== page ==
Background: The number of elderly patients being admitted with aneurysmal subarachnoid haemorrhage (SAH) has been increasing. Treatment of the aneurysm may be offset by the higher rate of surgical or endovascular complications.
Aim: To study the clinical condition at onset, complications during clinical course, treatment and outcome in a consecutive series of elderly patients.
Methods: Patients who were ⩾75 years at the onset of SAH were selected from the databases of two hospitals. Data on clinical condition at onset (poor condition defined as World Federation of Neurological Surgeons (WFNS) Scale IV and V), clinical course, treatment and outcome were extracted. Univariate and multivariate regression analyses were carried out to identify predictors for in-hospital death and poor outcome, defined as death or dependency.
Results: The data of 170 patients were retrieved, of whom 25 (15%) patients were independent at discharge; none of these patients had been admitted in a poor condition. Poor clinical condition on admission (odds ratio (OR) 7.9; 95% confidence interval (CI) 3.7 to 17) and recurrent haemorrhage (OR 7.5; 95% CI 2.5 to 23) were the strongest predictors for in-hospital death. Recurrent haemorrhage was the strongest predictor for poor outcome in the subset of patients who were admitted in good clinical condition. In all, 10 of 47 (21%) patients were independent at discharge after neurosurgical clipping (n = 34) or endovascular coiling (n = 13).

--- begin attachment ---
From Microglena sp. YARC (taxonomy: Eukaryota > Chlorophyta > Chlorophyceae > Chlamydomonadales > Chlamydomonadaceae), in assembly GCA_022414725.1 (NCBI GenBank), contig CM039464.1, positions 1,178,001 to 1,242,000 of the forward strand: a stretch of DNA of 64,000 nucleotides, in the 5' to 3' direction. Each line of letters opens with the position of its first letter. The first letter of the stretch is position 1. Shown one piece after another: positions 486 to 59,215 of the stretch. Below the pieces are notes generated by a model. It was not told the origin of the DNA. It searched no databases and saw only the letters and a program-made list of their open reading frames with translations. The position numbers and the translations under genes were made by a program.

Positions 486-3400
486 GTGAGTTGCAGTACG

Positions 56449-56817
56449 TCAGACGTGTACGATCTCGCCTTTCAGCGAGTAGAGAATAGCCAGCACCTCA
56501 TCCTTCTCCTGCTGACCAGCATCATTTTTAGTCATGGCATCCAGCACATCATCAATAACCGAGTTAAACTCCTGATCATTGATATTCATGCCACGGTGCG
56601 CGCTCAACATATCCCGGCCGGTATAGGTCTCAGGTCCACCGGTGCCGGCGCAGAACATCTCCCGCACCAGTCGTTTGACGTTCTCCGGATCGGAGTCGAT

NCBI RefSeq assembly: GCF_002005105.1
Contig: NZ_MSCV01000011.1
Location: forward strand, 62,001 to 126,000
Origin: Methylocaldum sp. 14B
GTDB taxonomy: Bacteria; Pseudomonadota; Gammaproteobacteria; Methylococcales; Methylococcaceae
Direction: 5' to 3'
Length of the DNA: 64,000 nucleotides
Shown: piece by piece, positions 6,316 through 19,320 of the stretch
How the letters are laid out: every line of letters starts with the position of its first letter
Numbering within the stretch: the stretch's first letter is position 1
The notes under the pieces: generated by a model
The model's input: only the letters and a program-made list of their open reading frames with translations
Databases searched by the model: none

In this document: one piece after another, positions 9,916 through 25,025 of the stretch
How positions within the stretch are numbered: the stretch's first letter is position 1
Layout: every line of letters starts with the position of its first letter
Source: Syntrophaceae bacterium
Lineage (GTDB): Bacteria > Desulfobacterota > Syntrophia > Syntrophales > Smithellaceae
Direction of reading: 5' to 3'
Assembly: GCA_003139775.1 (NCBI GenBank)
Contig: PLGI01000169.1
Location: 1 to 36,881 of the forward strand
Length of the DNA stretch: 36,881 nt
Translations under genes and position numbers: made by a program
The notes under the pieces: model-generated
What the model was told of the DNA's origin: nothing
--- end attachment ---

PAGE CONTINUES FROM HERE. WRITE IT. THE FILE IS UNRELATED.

Conclusion: Elderly patients with SAH have a poor prognosis. The effect of the initial haemorrhage is the most common reason for poor outcome. For patients who are admitted in good clinical condition, the most important complication leading to poor outcome is recurrent haemorrhage. Treatment of the aneurysm in patients ⩾75 years is feasible, may improve the outcome and should be strongly considered in patients who are admitted in a good condition.
- GOS, Glasgow Outcome Scale
- SAH, subarachnoid haemorrhage
- WFNS, World Federation of Neurological Surgeons
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Published Online First 25 April 2006
Funding: This study was in part funded by an established clinical investigator grant from the Netherlands Heart Foundation to GJER (Grant D98.014), a grant from Fundação para a Ciência e Tecnologia (Grant PRAXIS 2/2.1/SAU/1414/95) to JMF and a grant from the Netherlands Organisation for Scientific Research/ZonMw (Grant 920-03-299) to DJN.
Competing interests: None.
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